Read the full article here.

Can this single mother afford to retire and sustain annual expenses of $70,000 a year?

Beth is starting a new chapter in her life and, naturally, has some concerns.

“I am a recently divorced mother of two children,” Beth writes in an e-mail. “I think I am financially stable, but frankly, I’m scared to death about having enough money for retirement now that I’m on my own,” she adds. “I need as much help as I can get.”

Beth is age 52, her children 12 and 13. She has a well-paying executive job, earning about $140,000 a year plus a substantial bonus. She has no company pension. The small-town Ontario house where she now lives is valued at $1.5-million with a mortgage of about $545,000. Beth has some cash in the bank – her share of the proceeds from selling the former family home – and wonders whether she should invest it or pay down her mortgage. Both she and her former husband contribute to a family registered education savings plan for the children’s postsecondary education.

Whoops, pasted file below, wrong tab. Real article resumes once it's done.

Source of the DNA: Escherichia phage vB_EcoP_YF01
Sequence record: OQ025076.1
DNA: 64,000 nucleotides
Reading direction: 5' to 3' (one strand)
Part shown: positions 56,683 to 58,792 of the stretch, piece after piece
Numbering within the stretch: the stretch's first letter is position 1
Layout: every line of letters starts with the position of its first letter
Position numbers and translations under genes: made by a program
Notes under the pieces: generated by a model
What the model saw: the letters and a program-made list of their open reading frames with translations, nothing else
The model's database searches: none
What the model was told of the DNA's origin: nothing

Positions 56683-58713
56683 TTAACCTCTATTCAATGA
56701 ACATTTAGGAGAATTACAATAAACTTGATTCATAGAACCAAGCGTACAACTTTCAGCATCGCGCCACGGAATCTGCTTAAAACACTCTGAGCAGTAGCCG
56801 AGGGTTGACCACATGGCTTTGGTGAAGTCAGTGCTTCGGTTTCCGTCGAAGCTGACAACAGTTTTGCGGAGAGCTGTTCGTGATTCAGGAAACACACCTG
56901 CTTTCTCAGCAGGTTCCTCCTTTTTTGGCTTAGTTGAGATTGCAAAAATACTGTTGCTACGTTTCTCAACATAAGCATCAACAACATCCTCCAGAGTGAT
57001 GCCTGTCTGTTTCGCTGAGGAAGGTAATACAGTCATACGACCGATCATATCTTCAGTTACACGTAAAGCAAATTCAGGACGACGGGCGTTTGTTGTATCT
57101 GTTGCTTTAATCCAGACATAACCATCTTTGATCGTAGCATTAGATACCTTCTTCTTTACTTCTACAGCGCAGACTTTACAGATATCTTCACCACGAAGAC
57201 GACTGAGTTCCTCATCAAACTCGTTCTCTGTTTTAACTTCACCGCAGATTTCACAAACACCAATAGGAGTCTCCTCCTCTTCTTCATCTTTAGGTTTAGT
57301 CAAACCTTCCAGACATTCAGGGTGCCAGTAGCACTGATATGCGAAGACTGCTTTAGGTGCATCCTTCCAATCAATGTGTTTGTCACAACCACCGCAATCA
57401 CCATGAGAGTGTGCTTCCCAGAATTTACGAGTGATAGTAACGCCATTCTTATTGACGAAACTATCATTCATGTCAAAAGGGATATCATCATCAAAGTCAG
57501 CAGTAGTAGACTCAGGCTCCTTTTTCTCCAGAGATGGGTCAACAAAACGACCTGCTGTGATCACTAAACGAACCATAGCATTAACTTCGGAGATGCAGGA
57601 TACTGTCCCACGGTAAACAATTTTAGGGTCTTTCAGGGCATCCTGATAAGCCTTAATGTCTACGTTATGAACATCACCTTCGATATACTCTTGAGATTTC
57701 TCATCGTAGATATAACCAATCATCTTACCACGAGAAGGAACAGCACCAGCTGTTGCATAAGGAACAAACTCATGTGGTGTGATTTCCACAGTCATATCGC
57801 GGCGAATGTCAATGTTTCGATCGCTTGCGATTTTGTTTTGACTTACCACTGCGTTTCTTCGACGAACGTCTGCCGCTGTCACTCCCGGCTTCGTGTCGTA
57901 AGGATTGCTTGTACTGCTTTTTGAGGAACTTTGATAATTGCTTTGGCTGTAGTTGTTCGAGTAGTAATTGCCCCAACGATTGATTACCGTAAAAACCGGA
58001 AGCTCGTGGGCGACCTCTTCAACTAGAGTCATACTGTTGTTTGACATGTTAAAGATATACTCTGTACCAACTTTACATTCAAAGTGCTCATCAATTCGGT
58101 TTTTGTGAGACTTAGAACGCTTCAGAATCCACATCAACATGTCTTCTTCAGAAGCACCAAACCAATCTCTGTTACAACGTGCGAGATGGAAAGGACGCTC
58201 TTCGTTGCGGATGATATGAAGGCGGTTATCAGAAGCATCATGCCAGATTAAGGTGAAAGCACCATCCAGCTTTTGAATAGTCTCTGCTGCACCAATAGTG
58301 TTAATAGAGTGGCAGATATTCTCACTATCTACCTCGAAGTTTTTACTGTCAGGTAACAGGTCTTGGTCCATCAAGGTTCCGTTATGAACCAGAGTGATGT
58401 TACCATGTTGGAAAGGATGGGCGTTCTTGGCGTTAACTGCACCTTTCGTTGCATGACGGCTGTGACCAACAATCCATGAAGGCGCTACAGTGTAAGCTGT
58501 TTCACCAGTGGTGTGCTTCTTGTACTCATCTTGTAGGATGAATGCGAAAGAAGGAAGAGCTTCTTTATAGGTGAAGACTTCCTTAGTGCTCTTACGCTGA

“I have lived and worked in many places in the world and want to have enough money in retirement to continue travelling and to provide for and visit my children, wherever they might end up,” Beth writes. Her retirement spending goal is $70,000 a year. “When can I retire?” Beth asks.

In the latest Financial Facelift article, Nushzaad Malcolm, a financial planner at Henderson Partners LLP in Oakville, Ont., looks at Beth’s situation.

In case you missed it

Why you may need to change your executor as you get older

Most Canadians eventually get around to estate planning and putting their financial affairs in order – even if that often occurs later in life than it should. But creating a last will and testament really needs to involve more than a quick visit to a lawyer’s office for a document signing.